Repository logo

Detection of Atherosclerotic Inflammation by $^{68}$Ga-DOTATATE PET Compared to [$^{18}$F]FDG PET Imaging

Published version

Change log


Tarkin, JM 
Joshi, FR 
Evans, NR 
Chowdhury, MM 
Figg, NL 



Inflammation drives atherosclerotic plaque rupture. Although inflammation can be measured using fluorine-18-labeled fluorodeoxyglucose positron emission tomography ([18F]FDG PET), [18F]FDG lacks cell specificity, and coronary imaging is unreliable because of myocardial spillover.


Objectives This study tested the efficacy of gallium-68-labeled DOTATATE (68Ga-DOTATATE), a somatostatin receptor subtype-2 (SST2)-binding PET tracer, for imaging atherosclerotic inflammation.


We confirmed 68Ga-DOTATATE binding in macrophages and excised carotid plaques. 68Ga-DOTATATE PET imaging was compared to [18F]FDG PET imaging in 42 patients with atherosclerosis.


Target SSTR2 gene expression occurred exclusively in “proinflammatory” M1 macrophages, specific 68Ga-DOTATATE ligand binding to SST2 receptors occurred in CD68-positive macrophage-rich carotid plaque regions, and carotid SSTR2 mRNA was highly correlated with in vivo 68Ga-DOTATATE PET signals (r = 0.89; 95% confidence interval [CI]: 0.28 to 0.99; p = 0.02). 68Ga-DOTATATE mean of maximum tissue-to-blood ratios (mTBRmax) correctly identified culprit versus nonculprit arteries in patients with acute coronary syndrome (median difference: 0.69; interquartile range [IQR]: 0.22 to 1.15; p = 0.008) and transient ischemic attack/stroke (median difference: 0.13; IQR: 0.07 to 0.32; p = 0.003). 68Ga-DOTATATE mTBRmax predicted high-risk coronary computed tomography features (receiver operating characteristics area under the curve [ROC AUC]: 0.86; 95% CI: 0.80 to 0.92; p < 0.0001), and correlated with Framingham risk score (r = 0.53; 95% CI: 0.32 to 0.69; p <0.0001) and [18F]FDG uptake (r = 0.73; 95% CI: 0.64 to 0.81; p < 0.0001). [18F]FDG mTBRmax differentiated culprit from nonculprit carotid lesions (median difference: 0.12; IQR: 0.0 to 0.23; p = 0.008) and high-risk from lower-risk coronary arteries (ROC AUC: 0.76; 95% CI: 0.62 to 0.91; p = 0.002); however, myocardial [18F]FDG spillover rendered coronary [18F]FDG scans uninterpretable in 27 patients (64%). Coronary 68Ga-DOTATATE PET scans were readable in all patients.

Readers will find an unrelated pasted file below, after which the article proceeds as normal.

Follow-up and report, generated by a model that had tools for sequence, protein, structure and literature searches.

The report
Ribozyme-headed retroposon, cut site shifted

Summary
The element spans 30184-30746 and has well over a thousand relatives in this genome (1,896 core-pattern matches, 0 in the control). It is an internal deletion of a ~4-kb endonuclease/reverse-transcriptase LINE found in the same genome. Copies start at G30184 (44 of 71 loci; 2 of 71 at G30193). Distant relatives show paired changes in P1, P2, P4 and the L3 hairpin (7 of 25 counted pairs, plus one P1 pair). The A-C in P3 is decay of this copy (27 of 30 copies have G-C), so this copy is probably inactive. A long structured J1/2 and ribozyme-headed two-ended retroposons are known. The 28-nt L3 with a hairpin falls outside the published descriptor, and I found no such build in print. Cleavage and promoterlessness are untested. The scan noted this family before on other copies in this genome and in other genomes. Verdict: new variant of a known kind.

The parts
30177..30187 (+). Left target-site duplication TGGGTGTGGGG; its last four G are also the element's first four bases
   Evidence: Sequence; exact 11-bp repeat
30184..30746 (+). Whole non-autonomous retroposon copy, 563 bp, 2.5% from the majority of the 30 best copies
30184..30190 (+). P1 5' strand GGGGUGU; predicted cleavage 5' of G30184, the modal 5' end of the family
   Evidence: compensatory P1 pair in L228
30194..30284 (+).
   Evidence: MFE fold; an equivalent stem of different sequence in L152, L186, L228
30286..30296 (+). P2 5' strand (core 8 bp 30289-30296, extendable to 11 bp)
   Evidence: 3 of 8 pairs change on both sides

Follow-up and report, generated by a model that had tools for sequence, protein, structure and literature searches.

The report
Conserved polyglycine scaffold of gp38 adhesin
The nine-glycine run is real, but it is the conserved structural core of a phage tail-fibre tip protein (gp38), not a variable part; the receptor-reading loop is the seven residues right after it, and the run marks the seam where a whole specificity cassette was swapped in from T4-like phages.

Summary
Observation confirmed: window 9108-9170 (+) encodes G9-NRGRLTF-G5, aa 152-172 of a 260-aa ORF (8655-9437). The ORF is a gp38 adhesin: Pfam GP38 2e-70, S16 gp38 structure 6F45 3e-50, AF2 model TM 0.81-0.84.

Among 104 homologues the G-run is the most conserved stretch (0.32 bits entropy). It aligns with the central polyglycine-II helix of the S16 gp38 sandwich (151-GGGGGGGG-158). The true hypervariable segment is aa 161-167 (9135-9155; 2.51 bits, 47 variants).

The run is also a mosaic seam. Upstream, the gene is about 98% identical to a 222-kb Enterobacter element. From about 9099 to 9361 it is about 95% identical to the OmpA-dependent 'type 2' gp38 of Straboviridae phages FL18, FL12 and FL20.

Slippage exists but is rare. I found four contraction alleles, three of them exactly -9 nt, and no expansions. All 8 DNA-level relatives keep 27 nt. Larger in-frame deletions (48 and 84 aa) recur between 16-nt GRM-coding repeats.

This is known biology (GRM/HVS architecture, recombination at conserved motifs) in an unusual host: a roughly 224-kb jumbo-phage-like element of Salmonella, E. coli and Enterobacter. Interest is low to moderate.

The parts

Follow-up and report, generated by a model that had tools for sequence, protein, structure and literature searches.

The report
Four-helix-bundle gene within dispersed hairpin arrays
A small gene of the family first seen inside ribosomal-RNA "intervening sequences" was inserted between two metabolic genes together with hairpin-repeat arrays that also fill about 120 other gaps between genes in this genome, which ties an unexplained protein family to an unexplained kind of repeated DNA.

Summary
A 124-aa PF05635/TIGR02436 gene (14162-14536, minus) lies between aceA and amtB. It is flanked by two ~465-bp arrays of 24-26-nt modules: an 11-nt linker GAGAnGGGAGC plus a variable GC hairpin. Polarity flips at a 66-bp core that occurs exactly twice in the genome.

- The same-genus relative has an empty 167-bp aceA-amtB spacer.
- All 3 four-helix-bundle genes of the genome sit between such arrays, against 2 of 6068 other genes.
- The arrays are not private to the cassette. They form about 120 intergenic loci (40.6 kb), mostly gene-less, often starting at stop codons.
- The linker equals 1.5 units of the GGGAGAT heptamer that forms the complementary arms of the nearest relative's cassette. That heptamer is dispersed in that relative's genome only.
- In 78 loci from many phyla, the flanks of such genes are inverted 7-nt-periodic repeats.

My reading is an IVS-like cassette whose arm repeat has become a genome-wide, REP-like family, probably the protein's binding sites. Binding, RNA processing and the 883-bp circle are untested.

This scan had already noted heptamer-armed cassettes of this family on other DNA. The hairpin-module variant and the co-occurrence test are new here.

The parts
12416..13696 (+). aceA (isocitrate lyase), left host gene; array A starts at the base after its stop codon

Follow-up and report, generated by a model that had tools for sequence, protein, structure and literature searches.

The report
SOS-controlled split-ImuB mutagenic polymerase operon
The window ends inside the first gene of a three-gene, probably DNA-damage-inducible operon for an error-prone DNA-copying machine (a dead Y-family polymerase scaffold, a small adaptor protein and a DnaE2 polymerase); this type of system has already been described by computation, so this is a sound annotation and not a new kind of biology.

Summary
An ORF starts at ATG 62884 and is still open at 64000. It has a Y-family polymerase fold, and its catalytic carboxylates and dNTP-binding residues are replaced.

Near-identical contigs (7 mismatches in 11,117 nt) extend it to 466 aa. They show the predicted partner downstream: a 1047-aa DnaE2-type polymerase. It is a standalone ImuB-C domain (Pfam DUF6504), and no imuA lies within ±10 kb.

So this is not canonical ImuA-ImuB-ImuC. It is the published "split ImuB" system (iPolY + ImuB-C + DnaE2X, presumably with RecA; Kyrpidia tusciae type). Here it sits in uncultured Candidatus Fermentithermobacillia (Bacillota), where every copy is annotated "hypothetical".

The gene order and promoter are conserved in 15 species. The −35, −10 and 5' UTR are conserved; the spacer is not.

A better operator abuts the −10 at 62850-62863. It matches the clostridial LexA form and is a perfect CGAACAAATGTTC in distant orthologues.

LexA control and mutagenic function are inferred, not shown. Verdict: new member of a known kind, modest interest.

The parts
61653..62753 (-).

We validated 68Ga-DOTATATE PET as a novel marker of atherosclerotic inflammation and confirmed that 68Ga-DOTATATE offers superior coronary imaging, excellent macrophage specificity, and better power to discriminate high-risk versus low-risk coronary lesions than [18F]FDG. (Vascular Inflammation Imaging Using Somatostatin Receptor Positron Emission Tomography [VISION]; NCT02021188)



atherosclerosis, inflammation, macrophages, molecular imaging, positron emission tomography, somatostatin receptor

Journal Title

Journal of the American College of Cardiology

Conference Name

Journal ISSN


Volume Title



Royal College of Surgeons of England (unknown)
Cambridge University Hospitals NHS Foundation Trust (CUH) (unknown)
Engineering and Physical Sciences Research Council (EP/N014588/1)
Wellcome Trust (107715/Z/15/Z)
Wellcome Trust (104492/Z/14/Z)
MRC (MC_PC_14116 v2)
British Heart Foundation (FS/16/29/31957)
British Heart Foundation (None)
British Heart Foundation (None)
British Heart Foundation (None)
British Heart Foundation (None)
The Dunhill Medical Trust (None)
CCF (None)
This study was funded by the Wellcome Trust and supported by the National Institute for Health Research (NIHR) Cambridge Biomedical Research Centre and the Cambridge Clinical Trials Unit. Dr. Tarkin is supported by a Wellcome Trust research training fellowship (104492/Z/14/Z). Dr. Evans is supported by a Dunhill Medical Trust fellowship (RTF44/0114). Dr. Chowdhury is supported by Royal College of Surgeons of England and British Heart Foundation (BHF) fellowships (FS/16/29/31957). Drs. Manavaki and Warburton are supported by the NIHR Biomedical Research Centres. Drs. Yu and Frontini are supported by the BHF (RE/13/6/30180). Dr. Fryer is supported by Higher Education Funding Council for England (HEFCE). Dr. Groves is supported by the University College London Hospital NIHR Biomedical Research Centre; and has received grant support from GlaxoSmithKline. Dr. Ouwehand’s laboratory is funded by EU-FP7 project Blueprint (Health-F5-2011-282510), BHF (PG-0310-1002 and RG/09/12/28096), and National Health Service Blood and Transplant. Dr. Bennett is supported by NIHR and BHF. Dr. Davenport is supported by research grants from Wellcome Trust (107715/Z/15/Z), Medical Research Council (MC_PC_14116), and BHF (RE-13-6-3180). Dr. Rudd is supported by the NIHR, BHF, Wellcome Trust, and HEFCE.